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Oil Adds to Losses After US Crude Supplies Record Unexpected Increase

Summary:
Crude oil futures are tumbling midweek after the US government reported an unexpected increase in domestic oil stockpiles. Oil prices are looking to rebound in August after enduring a 5.5% loss in July. September West Texas Intermediate (WTI) crude futures shed .11, or 1.65%, to .66 per barrel at 18:41 GMT on Wednesday on the New York Mercantile Exchange. Year-to-date, US crude prices are up more than 14%, but they have lost their momentum over the last 30 days. Brent, the international benchmark for oil prices, is also falling in the middle of the trading week. September Brent crude futures dipped %excerpt%.29, or 0.4%, to .61 a barrel on London’s ICE Futures exchange. Brent crude prices have been rallying in 2018, enjoying a 13% gain so far this year. According to the US Energy

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Crude oil futures are tumbling midweek after the US government reported an unexpected increase in domestic oil stockpiles. Oil prices are looking to rebound in August after enduring a 5.5% loss in July.

September West Texas Intermediate (WTI) crude futures shed $1.11, or 1.65%, to $67.66 per barrel at 18:41 GMT on Wednesday on the New York Mercantile Exchange. Year-to-date, US crude prices are up more than 14%, but they have lost their momentum over the last 30 days.

Brent, the international benchmark for oil prices, is also falling in the middle of the trading week. September Brent crude futures dipped $0.29, or 0.4%, to $72.61 a barrel on London’s ICE Futures exchange. Brent crude prices have been rallying in 2018, enjoying a 13% gain so far this year.

According to the US Energy Information Administration (EIA), US crude inventories climbed by 3.8 million barrels for the week ending July 2017, which surprised markets that had forecast a decline of 2.4 million barrels. US oil output decreased by 100,000 barrels to 10.9 million barrels per day (bpd). Gasoline stockpiles dropped by 2.5 million barrels, while distillate supplies surged 560,000 barrels.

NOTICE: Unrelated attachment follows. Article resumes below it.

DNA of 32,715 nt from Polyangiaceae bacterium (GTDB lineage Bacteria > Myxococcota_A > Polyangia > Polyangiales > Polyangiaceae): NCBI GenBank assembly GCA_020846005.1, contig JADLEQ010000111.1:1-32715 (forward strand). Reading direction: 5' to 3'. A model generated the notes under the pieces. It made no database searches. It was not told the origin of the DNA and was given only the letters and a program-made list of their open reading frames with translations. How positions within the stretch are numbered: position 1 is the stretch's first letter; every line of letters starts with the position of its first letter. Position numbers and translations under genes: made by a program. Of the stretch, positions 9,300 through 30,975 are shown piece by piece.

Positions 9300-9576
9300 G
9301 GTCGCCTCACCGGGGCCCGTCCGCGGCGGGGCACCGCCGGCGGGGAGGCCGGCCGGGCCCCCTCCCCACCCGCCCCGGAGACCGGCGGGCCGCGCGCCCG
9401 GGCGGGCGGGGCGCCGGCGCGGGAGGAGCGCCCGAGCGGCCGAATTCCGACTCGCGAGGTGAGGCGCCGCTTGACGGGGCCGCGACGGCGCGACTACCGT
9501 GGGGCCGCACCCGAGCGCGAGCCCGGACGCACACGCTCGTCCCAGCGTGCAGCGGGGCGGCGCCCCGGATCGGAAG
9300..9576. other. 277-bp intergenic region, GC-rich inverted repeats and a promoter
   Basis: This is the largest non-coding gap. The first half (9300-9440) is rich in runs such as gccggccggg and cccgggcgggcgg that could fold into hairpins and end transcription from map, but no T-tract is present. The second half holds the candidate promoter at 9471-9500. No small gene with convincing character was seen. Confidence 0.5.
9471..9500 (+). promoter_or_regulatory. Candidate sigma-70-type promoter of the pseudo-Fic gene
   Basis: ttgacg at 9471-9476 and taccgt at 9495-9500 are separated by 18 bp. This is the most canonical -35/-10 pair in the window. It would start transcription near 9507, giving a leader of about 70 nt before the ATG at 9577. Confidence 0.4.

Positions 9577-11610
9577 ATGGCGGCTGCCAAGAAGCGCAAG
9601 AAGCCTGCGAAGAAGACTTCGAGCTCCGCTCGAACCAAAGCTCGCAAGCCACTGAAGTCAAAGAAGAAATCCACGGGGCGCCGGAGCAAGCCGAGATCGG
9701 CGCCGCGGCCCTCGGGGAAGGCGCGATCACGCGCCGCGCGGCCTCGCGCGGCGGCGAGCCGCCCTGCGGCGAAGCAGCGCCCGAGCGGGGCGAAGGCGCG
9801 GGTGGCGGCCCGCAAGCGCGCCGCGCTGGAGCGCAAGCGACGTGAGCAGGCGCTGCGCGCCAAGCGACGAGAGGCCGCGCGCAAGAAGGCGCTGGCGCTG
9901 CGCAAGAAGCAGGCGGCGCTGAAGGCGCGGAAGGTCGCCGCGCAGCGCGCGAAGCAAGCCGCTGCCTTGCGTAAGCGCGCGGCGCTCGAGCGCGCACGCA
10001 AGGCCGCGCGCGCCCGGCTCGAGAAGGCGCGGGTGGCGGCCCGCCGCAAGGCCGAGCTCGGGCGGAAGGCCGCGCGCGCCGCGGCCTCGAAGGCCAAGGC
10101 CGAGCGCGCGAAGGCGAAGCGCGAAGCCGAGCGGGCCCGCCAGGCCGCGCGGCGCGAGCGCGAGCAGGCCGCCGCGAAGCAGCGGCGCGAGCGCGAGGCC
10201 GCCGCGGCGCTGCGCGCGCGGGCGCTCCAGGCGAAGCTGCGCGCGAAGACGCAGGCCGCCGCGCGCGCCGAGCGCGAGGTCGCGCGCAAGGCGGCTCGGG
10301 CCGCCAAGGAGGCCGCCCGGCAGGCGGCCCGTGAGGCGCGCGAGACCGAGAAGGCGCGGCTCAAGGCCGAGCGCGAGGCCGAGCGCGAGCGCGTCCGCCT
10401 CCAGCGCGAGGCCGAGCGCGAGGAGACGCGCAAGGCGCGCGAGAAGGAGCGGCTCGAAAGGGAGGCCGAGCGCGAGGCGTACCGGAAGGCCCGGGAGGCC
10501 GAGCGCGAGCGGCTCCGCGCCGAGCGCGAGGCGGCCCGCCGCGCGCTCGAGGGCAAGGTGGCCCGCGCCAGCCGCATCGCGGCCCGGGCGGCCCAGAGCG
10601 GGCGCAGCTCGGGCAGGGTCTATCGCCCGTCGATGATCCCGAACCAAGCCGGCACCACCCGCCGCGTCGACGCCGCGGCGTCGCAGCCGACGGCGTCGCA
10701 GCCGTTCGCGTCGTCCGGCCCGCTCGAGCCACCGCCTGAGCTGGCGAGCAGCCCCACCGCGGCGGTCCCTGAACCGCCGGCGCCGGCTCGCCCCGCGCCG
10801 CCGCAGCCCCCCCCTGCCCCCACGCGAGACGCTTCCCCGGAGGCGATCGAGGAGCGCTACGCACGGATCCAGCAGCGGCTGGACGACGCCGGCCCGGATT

On Tuesday, the Organization of Petroleum Exporting Countries (OPEC) announced that it has increased its crude production by 70,000 bpd to 32.62 million bpd – a record for 2018. There were already signs of surging output from Saudi Arabia, as well as non-OPEC member Russia. After more than a year of freezing production levels, OPEC and Russia agreed in June to start accelerating crude output by one million bpd to take advantage of higher prices.

Easing geopolitical tensions affected crude prices after President Donald Trump said he would speak with the Iranian leadership without any preconditions “whenever they want.” This is a complete reversal from previous all-cap comments he made on Twitter that essentially threatened Tehran. The Iranian regime responded that the US government should return to the nuclear deal that President Trump scrapped this past spring before a direct meeting takes place.

In other energy markets, September natural gas futures slipped $0.025, or 0.87%, to $2.758 per million British thermal units (btu). September gasoline futures shed $0.037, or 1.79%, to $2.043 per gallon. September heating oil futures fell $0.042, or 1.97%, to $2.095 a gallon.

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Andrew Moran
I am a full-time professional writer. Prior to my self-employment, I worked as a reporter for Digital Journal covering the politics beat and The Toronto Times reporting on the city’s entertainment scene. I currently write mostly about business, marketing and finance

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